Mrs. C. and I enjoyed a week in Piedmont recently, with a heavy (and I mean that in more than one sense) emphasis on the gastronomic delights of this beautiful region. As usual we travelled by train and this in turn meant an overnight stop in Lyon, following a fearfully early start in order to catch the only Eurostar that goes directly from London to Marseilles (thereby cutting out the usual faffing about trying to cross Paris). Our hotel was placed almost directly outside the main train station in Lyon and what could be more natural than to picture some of the highly modernist trams that serviced the area.



After Lyon we took the train to Turin, a wonderful journey cutting directly through the Alps and on to  four nights in Cuneo sampling what must be one of the finest cuisines in the world  (with an enormous emphasis on local production and rigorous standards) and then two nights in Turin, a city previously unknown to us. Unlike other Italian cities of its size, Turin is amazingly well-ordered, and easy to navigate. The whole centre (with only a few exceptions) comprises handsome buildings of some 5 floors in height, laid out on a regular grid system so precise that one can stand at the gates of the Royal Palace and look down through piazza after piazza to the equally imposing railway station 1km away. It has a large number of pedestrian only areas and many miles of porticos - wide streets with arched arcades running on both sides in Renaissance style. And it also has a tram system, but unlike those in Lyon, the impression is of a hotch-potch of styles that suggests either a devotion to preservation or a lack of cash.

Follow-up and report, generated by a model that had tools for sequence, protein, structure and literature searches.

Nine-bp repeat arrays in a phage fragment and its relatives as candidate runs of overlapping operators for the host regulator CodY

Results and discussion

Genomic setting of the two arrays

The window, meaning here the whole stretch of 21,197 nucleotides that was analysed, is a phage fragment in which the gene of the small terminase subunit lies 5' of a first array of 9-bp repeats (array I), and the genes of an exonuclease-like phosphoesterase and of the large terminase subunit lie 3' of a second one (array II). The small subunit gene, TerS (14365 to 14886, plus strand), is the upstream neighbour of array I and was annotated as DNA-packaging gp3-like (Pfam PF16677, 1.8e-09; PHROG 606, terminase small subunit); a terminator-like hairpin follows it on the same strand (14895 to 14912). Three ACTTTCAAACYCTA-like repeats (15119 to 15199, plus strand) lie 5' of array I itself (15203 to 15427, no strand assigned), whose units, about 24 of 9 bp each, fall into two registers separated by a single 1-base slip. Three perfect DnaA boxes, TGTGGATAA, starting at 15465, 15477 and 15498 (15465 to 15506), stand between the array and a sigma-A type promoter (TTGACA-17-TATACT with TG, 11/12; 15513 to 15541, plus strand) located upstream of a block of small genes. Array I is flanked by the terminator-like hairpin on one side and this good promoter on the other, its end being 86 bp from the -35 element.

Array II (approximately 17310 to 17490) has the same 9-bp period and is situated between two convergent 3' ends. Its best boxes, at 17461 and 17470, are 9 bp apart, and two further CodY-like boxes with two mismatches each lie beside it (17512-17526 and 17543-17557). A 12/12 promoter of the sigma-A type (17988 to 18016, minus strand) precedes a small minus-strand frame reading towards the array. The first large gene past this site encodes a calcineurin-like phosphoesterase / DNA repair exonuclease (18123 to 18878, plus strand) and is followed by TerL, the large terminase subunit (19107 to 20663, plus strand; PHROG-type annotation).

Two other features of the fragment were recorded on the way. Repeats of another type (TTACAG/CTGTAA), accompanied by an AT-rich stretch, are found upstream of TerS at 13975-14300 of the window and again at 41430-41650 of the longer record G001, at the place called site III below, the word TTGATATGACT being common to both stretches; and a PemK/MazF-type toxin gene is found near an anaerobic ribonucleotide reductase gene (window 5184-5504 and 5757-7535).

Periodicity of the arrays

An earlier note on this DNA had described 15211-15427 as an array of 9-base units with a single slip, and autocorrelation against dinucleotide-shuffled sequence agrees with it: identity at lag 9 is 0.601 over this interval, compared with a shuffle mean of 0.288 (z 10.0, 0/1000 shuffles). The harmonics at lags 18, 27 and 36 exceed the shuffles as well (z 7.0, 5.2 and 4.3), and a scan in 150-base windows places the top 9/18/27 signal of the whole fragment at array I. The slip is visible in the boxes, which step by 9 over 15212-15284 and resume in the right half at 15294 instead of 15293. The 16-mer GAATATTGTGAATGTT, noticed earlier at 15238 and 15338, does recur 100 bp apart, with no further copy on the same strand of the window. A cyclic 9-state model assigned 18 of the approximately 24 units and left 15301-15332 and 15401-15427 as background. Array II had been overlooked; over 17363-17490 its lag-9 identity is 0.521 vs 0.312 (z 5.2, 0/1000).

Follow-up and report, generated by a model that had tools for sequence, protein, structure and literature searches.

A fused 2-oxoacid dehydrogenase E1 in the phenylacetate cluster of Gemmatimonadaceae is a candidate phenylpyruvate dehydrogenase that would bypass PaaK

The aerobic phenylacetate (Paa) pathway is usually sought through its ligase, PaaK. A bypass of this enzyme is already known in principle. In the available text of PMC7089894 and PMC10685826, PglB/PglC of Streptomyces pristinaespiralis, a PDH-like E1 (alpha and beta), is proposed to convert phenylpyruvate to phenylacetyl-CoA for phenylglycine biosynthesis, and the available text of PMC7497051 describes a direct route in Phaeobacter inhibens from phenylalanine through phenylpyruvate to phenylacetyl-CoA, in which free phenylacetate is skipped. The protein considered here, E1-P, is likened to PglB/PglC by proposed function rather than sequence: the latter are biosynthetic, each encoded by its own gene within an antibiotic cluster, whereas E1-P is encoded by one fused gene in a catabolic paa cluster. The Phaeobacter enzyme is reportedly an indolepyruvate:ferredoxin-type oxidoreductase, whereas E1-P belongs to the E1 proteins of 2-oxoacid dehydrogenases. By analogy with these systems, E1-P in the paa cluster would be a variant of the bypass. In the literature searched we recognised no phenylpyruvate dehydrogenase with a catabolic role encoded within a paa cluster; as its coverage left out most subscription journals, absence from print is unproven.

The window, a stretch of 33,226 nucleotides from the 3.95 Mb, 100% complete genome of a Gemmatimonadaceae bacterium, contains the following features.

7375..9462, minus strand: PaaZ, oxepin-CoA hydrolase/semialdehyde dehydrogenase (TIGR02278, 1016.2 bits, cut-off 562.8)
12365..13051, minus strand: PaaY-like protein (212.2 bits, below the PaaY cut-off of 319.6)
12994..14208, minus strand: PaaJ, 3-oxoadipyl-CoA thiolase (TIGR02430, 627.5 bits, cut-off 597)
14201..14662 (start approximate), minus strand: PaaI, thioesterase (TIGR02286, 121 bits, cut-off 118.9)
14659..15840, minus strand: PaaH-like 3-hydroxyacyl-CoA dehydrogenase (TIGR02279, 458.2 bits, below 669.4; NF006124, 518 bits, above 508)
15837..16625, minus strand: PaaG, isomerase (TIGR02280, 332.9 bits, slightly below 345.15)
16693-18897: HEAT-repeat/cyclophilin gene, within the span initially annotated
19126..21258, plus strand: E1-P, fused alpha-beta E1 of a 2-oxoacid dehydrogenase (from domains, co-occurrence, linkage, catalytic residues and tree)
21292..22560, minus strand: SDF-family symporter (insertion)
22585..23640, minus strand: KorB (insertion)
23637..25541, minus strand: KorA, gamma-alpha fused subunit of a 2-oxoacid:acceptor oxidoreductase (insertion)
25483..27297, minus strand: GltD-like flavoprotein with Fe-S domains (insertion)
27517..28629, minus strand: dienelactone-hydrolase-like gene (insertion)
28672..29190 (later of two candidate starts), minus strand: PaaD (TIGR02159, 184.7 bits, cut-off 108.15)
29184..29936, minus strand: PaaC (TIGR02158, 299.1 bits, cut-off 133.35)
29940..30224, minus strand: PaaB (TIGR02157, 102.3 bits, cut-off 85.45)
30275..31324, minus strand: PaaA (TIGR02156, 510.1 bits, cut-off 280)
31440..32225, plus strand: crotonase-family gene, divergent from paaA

Perceptive readers will spot the that the two trams on the right, one rather old-fashioned in appearance, the other modern, are both working the no. 13 route. It's rather refreshing compared to the Underground where every train on each line is identical pretty well all of the time. Alas we were not able to ride any of them so as to determine which was the more comfortable.